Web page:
Letter #2  -  Arrival at Arunachala

“With my backpack, I stepped down from the bus and looked around. In front was the hill called Arunachala of which I knew nothing, let alone its significance. I had  come because of Sri Ramana Maharshi. Suddenly while standing there, my chest  palpitated and a voice said, “I have come home.”What! I was astonished and  looked down at my chest with incredulity. My jaw dropped open in disbelief.  Again, the words sounded with the accompanying palpitation. I felt dismayed.”


     On the 15th of August 1975, I arrived at Chennai or Madras as it was then known, on the Chidambaram, the Indian passenger ship that ferried people between Madras and Penang, in Malaysia. I did not know it at the time but it was an  auspicious day. It was Indian Independence Day as well as the Assumption of the Blessed Virgin Mary into Heaven. After a few days of absorbing the first sights of India, it was time to travel to     Tiruvannamalai, which was the intention for my arrival in India from Java. Not knowing where Tiruvannamalai was, whether north, south or west, the hotel receptionist wrote the name Tiruvannamalai in Tamil and I set out from Armenian Street in the old section of Madras for the then-main bus station which was quite close. The bus conductors and drivers who were milling around were immediately helpful and told me to catch the 122 bus at the far end of a line of empty buses.

     I found the bus and climbed on board, found an empty seat near the front and waited. Within a short interval, others clambered onto the bus and we soon took off. It was a four-and-half-hour journey and at one stage I asked the conductor when do we reach Tiruvannamalai. He replied ‘soon’. After the lush greenery of Java, I found the landscape relatively dry and the food, a south Indian thali at the shabby hotel we stopped at about halfway, unappetising. Too much rice and little vegetables. Closer to Tiruvannamalai on the roadside in the fields, I saw a man run down and then up a steepish incline with a bullock in front being shouted at.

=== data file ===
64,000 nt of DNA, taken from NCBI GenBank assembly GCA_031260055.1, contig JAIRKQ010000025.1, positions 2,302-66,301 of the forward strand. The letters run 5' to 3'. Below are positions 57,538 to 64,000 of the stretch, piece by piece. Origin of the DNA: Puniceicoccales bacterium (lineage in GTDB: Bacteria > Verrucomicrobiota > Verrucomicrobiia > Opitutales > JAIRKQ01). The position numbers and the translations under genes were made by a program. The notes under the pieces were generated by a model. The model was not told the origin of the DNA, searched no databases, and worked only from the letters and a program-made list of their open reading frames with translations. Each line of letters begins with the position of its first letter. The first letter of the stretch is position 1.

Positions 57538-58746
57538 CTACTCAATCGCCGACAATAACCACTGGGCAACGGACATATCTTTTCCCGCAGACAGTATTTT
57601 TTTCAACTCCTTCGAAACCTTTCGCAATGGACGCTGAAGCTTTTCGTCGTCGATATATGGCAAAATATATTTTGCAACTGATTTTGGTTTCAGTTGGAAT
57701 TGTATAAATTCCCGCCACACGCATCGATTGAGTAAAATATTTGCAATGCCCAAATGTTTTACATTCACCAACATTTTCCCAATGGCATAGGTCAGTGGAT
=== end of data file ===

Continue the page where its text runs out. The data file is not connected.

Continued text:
He was gathering water from a well in a large rough rubber container that at the surface toppled over and sent the water into a channel for the paddy field. The picturesque scene told me that this was an old land with its old ways. Very much down to earth and slow.

     Finally, we arrived at the old bus station just across the railway tracks on the Tindivanam road from whence we came. Well, here we are. There was no sense of trepidation but rather relief the long haul was over. I knew there was an ashram at Tiruvannamalai where Sri Ramana Maharshi stayed but aside from that my advanced knowledge was zero. I had never been to India before and was oblivious of the ways and customs.

     With my backpack I stepped down from the bus and looked around. In front was the hill called Arunachala of which I knew nothing, let alone its significance. I had come because of Sri Ramana Maharshi. Suddenly while standing there, my chest palpitated and a voice said, “I have come home.” What! I was astonished and looked down at my chest with incredulity. My jaw dropped open in disbelief.